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Women Tell FDA That More Research Is Needed On Health Risks Of Breast Implants


Advisers to the U.S. Food and Drug Administration have spent two days focusing on the safety of breast implants. What's emerged is a lack of scientific certainty about the risks implants pose to the millions of women who have them. NPR's Patti Neighmond reports.

PATTI NEIGHMOND, BYLINE: The panel heard from manufacturers, plastic surgeons, researchers and women who got implants for reconstruction after mastectomy or for cosmetic reasons. Tara Huppco (ph) told the panel she was a healthy mom and bodybuilder in her mid-30s when she decided to get implants for aesthetic reasons. Problems started just weeks after surgery, when she became extremely exhausted and could no longer remember the names of colleagues at work.

TARA HUPPCO: I had panic attacks that woke me in the night and anxiety that kept me shut in in my house. My hair stopped growing. My vision was blurry. I couldn't eat without pain and nausea. Every morning, getting out of bed, my legs were numb and my feet burned.

NEIGHMOND: Huppco was one of dozens of women to address the panel about a range of autoimmune-related symptoms, often called Breast Implant Illness. She had her implants removed about a year ago.

HUPPCO: My symptoms are almost all gone. I am the person that I used to be. And if I knew anything of what could have happened, I would have said, no, thank you to my implants.

NEIGHMOND: Like most women who spoke, Huppco implored the FDA to look more closely at safety concerns and move right away to take textured implants off the market. These implants have a bumpy surface to help them stay in place, but there's an increasing number of anecdotal reports suggesting they cause autoimmune illness. They've also been linked to a very rare cancer of the immune system.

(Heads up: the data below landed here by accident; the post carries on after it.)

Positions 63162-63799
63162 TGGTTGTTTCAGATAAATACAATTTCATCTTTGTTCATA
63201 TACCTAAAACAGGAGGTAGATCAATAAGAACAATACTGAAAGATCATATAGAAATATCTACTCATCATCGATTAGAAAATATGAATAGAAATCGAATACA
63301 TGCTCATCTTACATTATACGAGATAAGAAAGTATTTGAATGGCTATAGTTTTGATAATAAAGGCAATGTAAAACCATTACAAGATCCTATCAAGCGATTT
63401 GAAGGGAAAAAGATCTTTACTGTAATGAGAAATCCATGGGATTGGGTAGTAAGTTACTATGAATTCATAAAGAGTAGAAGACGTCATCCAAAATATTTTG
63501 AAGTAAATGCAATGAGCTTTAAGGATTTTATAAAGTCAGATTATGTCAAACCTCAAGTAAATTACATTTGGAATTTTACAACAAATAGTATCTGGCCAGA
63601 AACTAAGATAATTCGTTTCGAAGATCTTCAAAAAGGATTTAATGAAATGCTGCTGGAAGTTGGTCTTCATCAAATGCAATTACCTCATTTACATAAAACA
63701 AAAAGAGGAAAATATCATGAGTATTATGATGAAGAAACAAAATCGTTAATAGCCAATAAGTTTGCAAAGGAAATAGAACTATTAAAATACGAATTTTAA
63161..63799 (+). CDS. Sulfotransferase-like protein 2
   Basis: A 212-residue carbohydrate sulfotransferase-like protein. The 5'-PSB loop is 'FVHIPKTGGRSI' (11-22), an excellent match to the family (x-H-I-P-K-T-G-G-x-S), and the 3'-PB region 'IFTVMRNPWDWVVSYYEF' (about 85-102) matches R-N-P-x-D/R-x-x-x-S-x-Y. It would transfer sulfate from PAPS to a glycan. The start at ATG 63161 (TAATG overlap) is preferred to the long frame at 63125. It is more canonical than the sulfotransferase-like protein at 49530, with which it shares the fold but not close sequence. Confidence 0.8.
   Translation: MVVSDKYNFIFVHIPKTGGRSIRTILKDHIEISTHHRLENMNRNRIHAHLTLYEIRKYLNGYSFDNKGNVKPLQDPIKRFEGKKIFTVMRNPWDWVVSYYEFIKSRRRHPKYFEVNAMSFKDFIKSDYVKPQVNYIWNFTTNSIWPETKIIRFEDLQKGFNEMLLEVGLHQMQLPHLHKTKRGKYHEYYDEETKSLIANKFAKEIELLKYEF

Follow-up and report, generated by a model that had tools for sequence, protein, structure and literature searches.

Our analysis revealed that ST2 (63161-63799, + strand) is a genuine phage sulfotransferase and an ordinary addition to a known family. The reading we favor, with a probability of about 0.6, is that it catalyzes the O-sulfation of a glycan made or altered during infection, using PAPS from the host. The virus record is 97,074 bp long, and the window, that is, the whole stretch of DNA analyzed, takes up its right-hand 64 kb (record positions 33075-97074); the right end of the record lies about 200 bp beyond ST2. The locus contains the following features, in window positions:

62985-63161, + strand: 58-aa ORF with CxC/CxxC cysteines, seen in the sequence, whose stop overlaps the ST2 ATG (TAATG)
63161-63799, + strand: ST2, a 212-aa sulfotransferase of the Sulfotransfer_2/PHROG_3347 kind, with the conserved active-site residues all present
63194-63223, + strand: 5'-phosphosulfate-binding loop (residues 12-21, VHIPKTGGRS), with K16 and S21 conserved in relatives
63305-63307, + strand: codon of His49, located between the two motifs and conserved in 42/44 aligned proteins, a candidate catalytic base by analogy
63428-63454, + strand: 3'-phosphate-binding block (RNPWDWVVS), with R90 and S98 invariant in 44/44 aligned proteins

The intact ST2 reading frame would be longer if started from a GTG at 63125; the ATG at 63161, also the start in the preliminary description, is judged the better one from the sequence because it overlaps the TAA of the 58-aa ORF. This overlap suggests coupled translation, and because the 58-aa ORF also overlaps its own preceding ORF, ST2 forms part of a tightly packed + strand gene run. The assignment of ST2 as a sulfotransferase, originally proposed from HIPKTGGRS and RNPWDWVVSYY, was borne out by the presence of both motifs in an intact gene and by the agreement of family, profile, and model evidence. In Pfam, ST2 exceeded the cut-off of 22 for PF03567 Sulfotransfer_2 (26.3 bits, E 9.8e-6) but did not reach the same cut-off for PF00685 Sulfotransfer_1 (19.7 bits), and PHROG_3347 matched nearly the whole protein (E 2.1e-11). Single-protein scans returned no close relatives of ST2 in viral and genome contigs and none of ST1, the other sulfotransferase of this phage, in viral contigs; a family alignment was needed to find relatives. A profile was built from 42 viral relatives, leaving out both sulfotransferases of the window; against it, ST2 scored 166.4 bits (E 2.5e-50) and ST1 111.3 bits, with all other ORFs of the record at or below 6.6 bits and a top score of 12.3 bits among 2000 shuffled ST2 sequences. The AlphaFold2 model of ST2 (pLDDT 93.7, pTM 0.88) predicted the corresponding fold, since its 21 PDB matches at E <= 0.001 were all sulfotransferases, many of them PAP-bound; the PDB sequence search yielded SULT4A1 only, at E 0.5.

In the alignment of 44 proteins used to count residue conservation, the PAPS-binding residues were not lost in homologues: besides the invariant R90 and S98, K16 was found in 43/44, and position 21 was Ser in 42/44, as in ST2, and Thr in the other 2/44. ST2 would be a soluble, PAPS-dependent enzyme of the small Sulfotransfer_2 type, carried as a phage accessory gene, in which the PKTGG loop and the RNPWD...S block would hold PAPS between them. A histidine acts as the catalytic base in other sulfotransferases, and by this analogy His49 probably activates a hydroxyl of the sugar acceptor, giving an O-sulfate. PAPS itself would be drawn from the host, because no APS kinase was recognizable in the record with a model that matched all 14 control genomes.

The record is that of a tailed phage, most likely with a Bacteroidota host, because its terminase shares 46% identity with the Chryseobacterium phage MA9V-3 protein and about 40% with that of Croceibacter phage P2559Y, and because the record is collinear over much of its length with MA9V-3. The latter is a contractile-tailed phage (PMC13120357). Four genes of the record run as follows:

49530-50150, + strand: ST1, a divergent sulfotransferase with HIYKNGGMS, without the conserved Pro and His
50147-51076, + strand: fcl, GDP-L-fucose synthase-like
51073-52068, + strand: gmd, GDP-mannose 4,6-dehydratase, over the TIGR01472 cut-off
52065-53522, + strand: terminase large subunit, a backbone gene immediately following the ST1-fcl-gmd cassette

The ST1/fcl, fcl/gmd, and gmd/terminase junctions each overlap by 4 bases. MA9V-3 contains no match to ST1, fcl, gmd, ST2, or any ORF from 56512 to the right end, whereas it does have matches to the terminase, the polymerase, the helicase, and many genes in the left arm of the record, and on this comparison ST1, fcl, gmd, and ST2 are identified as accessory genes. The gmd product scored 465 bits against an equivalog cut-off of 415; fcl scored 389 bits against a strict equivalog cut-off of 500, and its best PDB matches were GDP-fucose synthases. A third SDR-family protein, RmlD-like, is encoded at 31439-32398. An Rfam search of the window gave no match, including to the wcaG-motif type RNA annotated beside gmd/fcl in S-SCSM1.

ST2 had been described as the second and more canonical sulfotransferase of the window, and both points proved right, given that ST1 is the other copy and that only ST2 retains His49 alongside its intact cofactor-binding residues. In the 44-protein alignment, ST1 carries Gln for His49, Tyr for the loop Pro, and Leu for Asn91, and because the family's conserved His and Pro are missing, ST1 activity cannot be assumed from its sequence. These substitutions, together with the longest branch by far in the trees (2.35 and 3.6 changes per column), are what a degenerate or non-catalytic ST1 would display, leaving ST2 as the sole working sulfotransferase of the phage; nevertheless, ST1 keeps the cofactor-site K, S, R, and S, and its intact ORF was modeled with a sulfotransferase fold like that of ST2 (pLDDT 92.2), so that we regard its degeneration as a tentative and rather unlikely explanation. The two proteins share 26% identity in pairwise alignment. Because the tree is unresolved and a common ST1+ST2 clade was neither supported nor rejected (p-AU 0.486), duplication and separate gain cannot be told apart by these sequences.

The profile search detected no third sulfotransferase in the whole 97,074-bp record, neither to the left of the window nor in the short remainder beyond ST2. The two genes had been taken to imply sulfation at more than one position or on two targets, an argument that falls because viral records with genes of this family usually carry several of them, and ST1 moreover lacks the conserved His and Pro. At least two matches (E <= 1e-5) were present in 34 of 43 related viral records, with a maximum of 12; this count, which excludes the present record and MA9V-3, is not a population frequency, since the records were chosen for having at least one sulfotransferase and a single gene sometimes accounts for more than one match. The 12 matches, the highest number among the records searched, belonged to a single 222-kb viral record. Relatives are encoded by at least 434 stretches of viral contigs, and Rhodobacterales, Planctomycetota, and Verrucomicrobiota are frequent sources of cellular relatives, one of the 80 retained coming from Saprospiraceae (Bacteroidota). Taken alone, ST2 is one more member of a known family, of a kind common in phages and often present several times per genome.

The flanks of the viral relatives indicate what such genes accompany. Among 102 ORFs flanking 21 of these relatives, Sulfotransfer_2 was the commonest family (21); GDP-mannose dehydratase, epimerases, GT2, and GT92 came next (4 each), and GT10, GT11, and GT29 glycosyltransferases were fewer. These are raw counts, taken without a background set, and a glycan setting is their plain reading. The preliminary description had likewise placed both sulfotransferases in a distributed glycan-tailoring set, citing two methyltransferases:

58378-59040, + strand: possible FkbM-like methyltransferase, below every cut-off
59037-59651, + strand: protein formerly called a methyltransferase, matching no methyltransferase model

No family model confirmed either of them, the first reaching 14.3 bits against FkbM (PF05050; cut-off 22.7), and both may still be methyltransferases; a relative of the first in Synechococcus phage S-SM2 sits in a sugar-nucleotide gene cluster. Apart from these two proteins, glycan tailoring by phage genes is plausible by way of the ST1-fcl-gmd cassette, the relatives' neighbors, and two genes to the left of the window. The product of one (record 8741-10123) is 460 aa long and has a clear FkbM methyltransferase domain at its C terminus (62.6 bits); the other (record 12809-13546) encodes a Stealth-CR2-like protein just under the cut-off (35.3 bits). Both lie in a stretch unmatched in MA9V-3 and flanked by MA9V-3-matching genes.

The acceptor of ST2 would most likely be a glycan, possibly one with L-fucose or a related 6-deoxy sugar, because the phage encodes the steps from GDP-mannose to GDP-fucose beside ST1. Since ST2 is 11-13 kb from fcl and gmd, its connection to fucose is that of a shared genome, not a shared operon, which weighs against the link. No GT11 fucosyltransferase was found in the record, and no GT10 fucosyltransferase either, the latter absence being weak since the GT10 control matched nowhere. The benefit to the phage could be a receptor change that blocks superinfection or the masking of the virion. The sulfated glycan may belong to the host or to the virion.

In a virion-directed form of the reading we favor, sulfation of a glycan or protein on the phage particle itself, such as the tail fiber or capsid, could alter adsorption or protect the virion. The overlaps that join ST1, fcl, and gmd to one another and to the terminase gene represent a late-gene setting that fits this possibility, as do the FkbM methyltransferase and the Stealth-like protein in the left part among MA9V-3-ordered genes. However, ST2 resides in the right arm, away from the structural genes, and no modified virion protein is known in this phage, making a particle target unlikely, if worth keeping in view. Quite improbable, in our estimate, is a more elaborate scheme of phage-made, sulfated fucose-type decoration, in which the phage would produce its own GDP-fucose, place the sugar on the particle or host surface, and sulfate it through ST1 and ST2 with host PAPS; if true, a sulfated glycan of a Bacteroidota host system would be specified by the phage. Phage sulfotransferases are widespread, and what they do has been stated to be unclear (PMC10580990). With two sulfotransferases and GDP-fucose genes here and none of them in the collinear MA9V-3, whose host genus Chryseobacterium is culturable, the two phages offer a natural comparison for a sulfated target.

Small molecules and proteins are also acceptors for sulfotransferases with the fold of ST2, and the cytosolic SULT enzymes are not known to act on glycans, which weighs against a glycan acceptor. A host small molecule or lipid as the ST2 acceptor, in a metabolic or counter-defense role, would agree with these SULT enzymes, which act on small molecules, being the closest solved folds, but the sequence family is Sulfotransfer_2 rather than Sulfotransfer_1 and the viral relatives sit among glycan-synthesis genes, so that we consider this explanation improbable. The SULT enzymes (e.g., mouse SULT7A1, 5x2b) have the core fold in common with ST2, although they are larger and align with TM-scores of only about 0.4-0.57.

Even so, most members of the panel say there's not enough evidence yet to rush textured implants off the market and that larger, longer-term studies are needed. Reina Doria (ph) with the implant manufacturer Mentor says the company provides patient education brochures to doctors to help patients understand potential risks of implants.

REINA DORIA: There may be a gap between what we are providing and what information is reaching the patients. We believe the best way to ensure patient understanding of risk is for them to have a conversation directly with their surgeon.

NEIGHMOND: The FDA panel is not expected to make specific recommendations about implants at this point. It is expected to call for more research into implant safety. Patti Neighmond, NPR News.


Award-winning journalist Patti Neighmond is NPR's health policy correspondent. Her reports air regularly on NPR newsmagazines All Things Considered, Morning Edition, and Weekend Edition.